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Overseas and Off-Campus Programs

Greece Athens & Lesbos

Semester: Fall
Date: Late August to early December
Offered: Every other academic year, odd years
Program Focus: Classical/Religious Studies

Prerequisites:

HIST 216: Ancient Greece

Minimum of 2.75 GPA and good academic standing.

Fall 2017 Program Leader:

Paul Powers
Professor of Religious Studies
ppowers@lclark.edu
ext. 7289

Program Design:
Study and travel will focus on the history and culture of Greece from the Classical Period to the Byzantine Era. Based in Athens and the island of Lesvos, the program will include extensive excursions to archaeological sites important for understanding the ancient Mediterranean world.

As an augment to the Lewis & Clark Classical Studies minor, this program provides students with the opportunity to experience the ancient Mediterranean world in ways on-campus faculty and programming cannot offer. The course on archaeology and hands-on archaeological experience ensure student exposure to one of the key dimensions of Classical Studies; the course on the Byzantine world brings students into contact with a part of the ancient world left uncovered in the on-campus curriculum, yet is an integral part of a broad Classical Studies program; the general culture course places the historical content of the program in its contemporary context.

The Athens portion of the program (September, November to end of semester) will use the  facilities of College Year in Athens as a home base for courses, library resources, computer labs, and orientation and support. The Lesvos portion of the program (October) will be based in a seaside hotel in the village of Thermi. The Lesbos sojourn will include hands-on archaeological experience and guided anthropological projects with home visits with local families. There will also be a short excursions to the Peloponnese, Crete and Delphi.

Requirements Fulfilled:

Fulfills the 8-credit international studies general education requirement. CLAS courses can be applied to the Classics major or minor, and can also be used in some cases with permission for the History and Religious Studies majors.  Fulfills the 4 credit Creative Arts General Education requirement.

Credits:
4 courses per semester/16 credits

Curriculum:

IS 259: Contemporary Greek Culture (4 credits):

Offered over the course of the semester in Athens and on Lesvos, this course provides insight into important contemporary social, cultural, political, economic, and demographic issues in Greece.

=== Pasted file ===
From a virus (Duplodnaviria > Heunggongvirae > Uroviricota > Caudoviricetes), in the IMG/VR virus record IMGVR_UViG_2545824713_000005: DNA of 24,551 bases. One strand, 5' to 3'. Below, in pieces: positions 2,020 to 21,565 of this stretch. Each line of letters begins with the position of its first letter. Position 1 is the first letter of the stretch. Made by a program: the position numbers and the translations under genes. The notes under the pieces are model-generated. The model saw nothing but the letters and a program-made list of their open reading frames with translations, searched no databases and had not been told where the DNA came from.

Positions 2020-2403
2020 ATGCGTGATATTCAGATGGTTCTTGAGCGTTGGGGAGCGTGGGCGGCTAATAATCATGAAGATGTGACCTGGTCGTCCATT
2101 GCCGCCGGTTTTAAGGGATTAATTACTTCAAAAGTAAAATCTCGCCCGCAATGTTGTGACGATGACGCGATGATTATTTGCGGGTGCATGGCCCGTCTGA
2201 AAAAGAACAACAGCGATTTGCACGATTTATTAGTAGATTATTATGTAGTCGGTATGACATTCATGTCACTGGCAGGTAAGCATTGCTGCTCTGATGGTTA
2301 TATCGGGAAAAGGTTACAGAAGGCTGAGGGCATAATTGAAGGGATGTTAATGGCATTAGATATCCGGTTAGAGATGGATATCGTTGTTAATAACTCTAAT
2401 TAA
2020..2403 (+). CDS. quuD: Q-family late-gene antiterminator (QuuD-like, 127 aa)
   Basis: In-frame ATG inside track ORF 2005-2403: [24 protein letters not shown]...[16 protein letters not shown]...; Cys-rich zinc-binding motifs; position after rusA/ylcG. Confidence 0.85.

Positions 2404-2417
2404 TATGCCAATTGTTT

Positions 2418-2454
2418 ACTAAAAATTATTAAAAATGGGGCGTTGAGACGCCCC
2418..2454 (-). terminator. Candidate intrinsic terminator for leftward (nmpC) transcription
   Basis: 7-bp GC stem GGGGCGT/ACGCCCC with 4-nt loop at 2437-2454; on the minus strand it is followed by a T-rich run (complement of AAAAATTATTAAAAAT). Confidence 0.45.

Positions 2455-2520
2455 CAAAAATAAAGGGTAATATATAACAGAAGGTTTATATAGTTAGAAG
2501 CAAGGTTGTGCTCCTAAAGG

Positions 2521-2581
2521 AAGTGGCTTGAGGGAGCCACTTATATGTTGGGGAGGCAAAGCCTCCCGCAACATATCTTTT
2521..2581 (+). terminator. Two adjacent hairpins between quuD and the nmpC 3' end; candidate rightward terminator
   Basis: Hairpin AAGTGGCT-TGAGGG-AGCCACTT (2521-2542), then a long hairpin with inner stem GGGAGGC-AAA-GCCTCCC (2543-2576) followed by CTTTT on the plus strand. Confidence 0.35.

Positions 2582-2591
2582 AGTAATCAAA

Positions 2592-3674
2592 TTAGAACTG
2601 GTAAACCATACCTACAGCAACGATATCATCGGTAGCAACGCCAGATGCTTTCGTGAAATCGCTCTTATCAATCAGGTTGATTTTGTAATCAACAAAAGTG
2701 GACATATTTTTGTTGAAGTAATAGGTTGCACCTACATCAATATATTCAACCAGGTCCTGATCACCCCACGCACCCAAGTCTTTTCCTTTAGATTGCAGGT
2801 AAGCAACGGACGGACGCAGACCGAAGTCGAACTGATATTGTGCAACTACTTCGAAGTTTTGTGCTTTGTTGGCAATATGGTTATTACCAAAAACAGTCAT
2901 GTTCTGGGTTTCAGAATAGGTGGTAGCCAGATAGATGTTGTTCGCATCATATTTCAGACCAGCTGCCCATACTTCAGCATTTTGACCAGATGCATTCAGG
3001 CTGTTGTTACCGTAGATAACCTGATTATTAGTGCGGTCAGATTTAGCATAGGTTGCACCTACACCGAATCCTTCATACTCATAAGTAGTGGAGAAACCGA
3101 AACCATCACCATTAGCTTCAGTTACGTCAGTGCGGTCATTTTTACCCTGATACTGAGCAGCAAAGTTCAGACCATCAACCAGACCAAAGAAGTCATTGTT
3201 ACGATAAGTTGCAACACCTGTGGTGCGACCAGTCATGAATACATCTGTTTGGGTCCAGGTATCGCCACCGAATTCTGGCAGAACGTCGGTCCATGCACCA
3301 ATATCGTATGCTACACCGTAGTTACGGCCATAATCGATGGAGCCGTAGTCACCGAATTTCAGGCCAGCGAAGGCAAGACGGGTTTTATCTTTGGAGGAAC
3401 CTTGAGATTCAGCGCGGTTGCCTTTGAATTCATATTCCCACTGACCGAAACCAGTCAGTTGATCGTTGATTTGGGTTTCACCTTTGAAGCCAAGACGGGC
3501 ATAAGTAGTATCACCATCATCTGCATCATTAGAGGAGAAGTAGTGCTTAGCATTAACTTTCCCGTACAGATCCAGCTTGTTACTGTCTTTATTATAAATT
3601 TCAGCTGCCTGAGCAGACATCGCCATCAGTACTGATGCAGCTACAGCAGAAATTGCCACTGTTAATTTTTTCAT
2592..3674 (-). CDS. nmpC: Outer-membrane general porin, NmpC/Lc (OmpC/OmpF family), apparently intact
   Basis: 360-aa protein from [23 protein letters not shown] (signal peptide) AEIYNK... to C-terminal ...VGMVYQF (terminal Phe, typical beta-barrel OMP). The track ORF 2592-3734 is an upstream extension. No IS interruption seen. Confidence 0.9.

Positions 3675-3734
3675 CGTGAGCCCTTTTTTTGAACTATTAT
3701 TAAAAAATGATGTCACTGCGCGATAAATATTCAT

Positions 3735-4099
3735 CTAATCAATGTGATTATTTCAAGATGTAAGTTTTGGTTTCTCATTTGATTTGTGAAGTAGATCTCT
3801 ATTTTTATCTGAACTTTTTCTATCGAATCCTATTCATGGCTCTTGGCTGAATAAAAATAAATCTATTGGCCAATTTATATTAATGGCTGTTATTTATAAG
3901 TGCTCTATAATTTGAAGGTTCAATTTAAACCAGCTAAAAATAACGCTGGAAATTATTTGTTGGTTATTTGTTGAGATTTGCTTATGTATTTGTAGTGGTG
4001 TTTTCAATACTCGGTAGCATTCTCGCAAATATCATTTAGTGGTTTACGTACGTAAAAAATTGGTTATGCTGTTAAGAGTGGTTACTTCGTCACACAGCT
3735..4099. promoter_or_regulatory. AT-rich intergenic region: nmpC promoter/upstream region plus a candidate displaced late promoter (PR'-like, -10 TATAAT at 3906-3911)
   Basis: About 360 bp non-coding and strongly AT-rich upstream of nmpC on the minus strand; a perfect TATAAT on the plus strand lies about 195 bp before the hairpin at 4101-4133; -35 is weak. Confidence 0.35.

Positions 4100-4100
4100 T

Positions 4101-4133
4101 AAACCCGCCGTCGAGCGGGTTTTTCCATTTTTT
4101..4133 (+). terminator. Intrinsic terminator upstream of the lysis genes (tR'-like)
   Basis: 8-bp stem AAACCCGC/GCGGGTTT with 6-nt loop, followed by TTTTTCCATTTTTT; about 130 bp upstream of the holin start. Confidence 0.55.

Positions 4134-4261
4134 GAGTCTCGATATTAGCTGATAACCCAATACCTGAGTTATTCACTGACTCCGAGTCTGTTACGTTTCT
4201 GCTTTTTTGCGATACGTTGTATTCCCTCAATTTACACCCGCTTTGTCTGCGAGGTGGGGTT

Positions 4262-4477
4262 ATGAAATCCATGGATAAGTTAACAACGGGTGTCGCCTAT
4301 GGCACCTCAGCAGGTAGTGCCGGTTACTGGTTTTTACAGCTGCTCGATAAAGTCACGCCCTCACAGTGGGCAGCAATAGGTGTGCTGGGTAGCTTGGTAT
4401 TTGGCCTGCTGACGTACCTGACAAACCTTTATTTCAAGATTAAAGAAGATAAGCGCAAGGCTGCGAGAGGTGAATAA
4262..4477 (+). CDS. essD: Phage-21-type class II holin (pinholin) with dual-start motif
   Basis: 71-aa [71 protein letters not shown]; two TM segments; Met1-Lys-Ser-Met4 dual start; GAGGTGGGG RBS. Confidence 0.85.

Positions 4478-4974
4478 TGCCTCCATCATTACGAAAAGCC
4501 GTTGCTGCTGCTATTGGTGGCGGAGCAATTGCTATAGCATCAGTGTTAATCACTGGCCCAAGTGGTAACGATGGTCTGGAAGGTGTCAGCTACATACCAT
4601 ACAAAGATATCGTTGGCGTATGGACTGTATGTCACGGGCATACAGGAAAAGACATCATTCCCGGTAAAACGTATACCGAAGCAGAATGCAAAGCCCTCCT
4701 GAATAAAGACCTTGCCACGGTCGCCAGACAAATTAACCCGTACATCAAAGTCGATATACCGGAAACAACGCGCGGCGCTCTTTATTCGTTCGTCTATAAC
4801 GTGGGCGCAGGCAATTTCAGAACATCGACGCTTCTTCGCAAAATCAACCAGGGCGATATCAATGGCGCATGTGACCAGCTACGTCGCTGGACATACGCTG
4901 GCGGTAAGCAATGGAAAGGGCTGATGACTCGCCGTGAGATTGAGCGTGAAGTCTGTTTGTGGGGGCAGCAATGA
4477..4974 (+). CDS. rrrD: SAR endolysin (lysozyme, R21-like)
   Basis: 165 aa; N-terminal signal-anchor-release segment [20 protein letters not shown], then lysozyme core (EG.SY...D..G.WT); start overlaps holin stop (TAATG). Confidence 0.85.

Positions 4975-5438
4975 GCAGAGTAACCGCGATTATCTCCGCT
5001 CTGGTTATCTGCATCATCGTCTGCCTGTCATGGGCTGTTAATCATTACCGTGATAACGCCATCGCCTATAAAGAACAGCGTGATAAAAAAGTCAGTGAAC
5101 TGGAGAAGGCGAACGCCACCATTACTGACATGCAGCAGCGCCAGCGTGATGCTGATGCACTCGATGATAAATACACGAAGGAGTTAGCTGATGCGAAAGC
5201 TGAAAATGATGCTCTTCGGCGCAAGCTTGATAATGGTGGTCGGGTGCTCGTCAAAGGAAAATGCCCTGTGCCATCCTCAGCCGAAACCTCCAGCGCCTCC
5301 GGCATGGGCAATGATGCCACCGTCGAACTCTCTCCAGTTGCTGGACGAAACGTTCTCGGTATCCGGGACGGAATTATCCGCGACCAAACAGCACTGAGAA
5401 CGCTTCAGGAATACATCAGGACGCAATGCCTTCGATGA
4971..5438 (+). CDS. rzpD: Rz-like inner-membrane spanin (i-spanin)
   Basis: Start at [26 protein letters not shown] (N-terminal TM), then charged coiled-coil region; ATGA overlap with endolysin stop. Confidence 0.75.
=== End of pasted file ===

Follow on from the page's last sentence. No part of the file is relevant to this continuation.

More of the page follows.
CLAS 251: The History of the Byzantine Empire (4 credits):

This course focuses on the transformation of the eastern Roman Empire into a Greek Orthodox medieval empire and the creation of a separate identity for the Byzantine state and society. Topics include the organization of the Byzantine state; the development and defining features of Byzantine civilization; relations between Byzantium and the Latin West, the Slavic world, and Islam; the pivotal and unique role of Byzantium; and the factors that led to the decline of the empire and the eventual fall of Constantinople.

Depending upon year, either CLAS 314 or CLAS-252 (but not both) will be offered:

CLAS-314 Topography and Monuments of Athens (4 credits):

This site-based course gives a comprehensive overview of the topography, archaeology and history of Athens, focusing particularly on the great monuments of the Classical and Roman city. Every major site - and many minor ones - will be explored, paying attention to their physical setting, architectural and archaeological characteristics, and position in the political, religious and social lives of the Athenians.  Students will trace the rediscovery of Athens’ antiquities from the 15th century to the development of scientific archaeology in the 19th, and will look the role of archaeology in Athens from the foundation of the Modern Greek state up to the present day.

CLAS 252: Art and Archaeology of the Aegean

Survey of the art and archaeology of the ancient civilizations of the Aegean and Greece: Minoan, Mycenaean, and Classical Greek. Introduction to primary sources. Visits to sites, monuments, and museums are complemented by classroom lectures and readings that provide historical context. Taught on the Greece overseas program.

Students will choose one from the following two courses:

CLAS 255: Sports, Games and Spectacles in the Greco-Roman World (4 credits)
An exploration of the athletic competitions and sports-based games and spectacles from the Bronze age through to the period of late antiquity, focusing on ancient Greek and Roman athletics, public spectacles, and gladiatorial games. An interdisciplinary study, the course examines the purpose and function of these games and spectacles within the wider context of the daily lives of the ancients. Students conduct their own re-creations of ancient games and sports, visit relevant archaeological sites, and survey representations of the ancient sports and games in contemporary pop culture.

OR

GREEK 201: READINGS IN HELLENISTIC AND CLASSICAL GREEK (4 credits):

Readings in the religious and secular literature of the Hellenistic and classical periods. May be used to fulfill the foreign language requirement.

Prerequisite: Greek 102.

Program Design

 

Greece

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